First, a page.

So—however is this like the kingdom? Well, it may be that Jesus, or whoever put this story together, really intended only to deliver a warning about how we need to be alert, watchful, aware of the moments of crisis and decision which face us. It’s an important warning—and maybe the storyteller just got caught up in colourful details about weddings and silly girls, and didn’t really think through the larger implications of the whole narrative. Or maybe it’s Matthew, who takes such obvious delight in ending parables with warnings of eternal punishment, at work again.
But there’s another detail here, which may change the whole picture. When the bridesmaids come back after buying more oil, they are, it seems clear, returning to the house where they started. The bride’s house. Not the groom’s house. For some reason, this family seems to be truncating the wedding ceremony, and holding the party at an intermediate stage. But that door will, it must, open again.
And the kingdom—the kingdom begins when those inside open up that door and come out onto the street, where the other bridesmaids have been waiting, waiting perhaps a very long time. The people the church and the society haven’t had time for, or has looked down on, or haven’t even noticed really, out there on the street. The excluded and the dispossessed. The ones who find so many things falling all to pieces all around them The anxious idealists, the extravagant dreamers, the ones too honest to pretend that it’s all okay. The people who voted this week at the literal risk of their lives, the people around the world resisting, speaking with the voice of the prophets, demanding those rivers of justice, building hope where they can. Still waiting, for they have nowhere else to go.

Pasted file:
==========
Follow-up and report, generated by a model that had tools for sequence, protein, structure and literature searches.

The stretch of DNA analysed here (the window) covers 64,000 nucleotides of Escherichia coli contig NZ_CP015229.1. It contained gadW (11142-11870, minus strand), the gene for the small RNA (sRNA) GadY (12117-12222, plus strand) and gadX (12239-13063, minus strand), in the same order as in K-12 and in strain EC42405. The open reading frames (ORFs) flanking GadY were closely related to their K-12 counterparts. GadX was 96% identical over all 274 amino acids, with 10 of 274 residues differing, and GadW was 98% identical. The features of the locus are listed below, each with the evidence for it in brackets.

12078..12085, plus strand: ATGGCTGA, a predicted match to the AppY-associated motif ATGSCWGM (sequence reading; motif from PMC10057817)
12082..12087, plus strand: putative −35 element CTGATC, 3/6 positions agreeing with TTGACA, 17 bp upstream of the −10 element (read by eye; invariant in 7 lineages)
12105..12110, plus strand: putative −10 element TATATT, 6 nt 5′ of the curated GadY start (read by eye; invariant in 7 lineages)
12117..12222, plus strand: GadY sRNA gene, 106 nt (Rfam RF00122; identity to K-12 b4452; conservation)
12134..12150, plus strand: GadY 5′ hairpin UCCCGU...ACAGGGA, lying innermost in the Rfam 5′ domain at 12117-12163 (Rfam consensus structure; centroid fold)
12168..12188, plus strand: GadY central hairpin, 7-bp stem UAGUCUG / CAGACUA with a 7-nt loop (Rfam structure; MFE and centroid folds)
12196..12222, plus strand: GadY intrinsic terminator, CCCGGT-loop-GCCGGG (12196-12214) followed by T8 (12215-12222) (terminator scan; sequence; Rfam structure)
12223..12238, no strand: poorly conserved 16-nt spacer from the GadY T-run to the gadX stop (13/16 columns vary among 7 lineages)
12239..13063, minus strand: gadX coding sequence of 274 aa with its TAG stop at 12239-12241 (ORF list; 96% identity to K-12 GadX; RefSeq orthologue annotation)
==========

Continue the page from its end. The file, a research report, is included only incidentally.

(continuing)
And perhaps, after that door opens, the insiders apologize, perhaps they are willing to be reconciled, but maybe not. Maybe the other bridesmaids forgive them anyway, somehow, on God’s horizon. There is a procession still to be had, a bride to be escorted. There is the bridegroom’s house still to be arrived at, the house where everyone comes in, and a party which the street celebrations across the United States yesterday can only begin to foreshadow, a joy without qualifications or warnings.
There’s another group of people, you know, who fall asleep at a moment of final crisis; the disciples in the garden of Gethesemane. “Stay awake,” Jesus says to them, as he says here. And they don’t. Traumatized and exhausted, they fall asleep instead; and when they are woken, when Jesus steps forward to enter into his final and greatest work, they do not have the resources to deal with it. They scatter, they run away, they betray. They fall quite comprehensively short of the demands of the moment. And yet the door is not shut for them, not then and not ever.
Thomas Merton wrote a little poem about this parable, almost a throwaway, but worth reading I think:
To the Wedding of the Lamb
With their disabled motorcycles
And their oil tanks
But since they knew how
A person says to them
To stay anyhow.
And there you have it,
There were five noisy virgins
But looking good
In the traffic of the dance. (but well-involved in the action of the dance)
There were ten virgins
At the Wedding of the Lamb.
A person says to them to stay anyhow. Somebody, a nobody in particular. The one who comes and tells us all that we can stay. That we can be part of the general dance. A person, somebody—the true bridegroom, by whom and with whom and in whom all things are always dancing.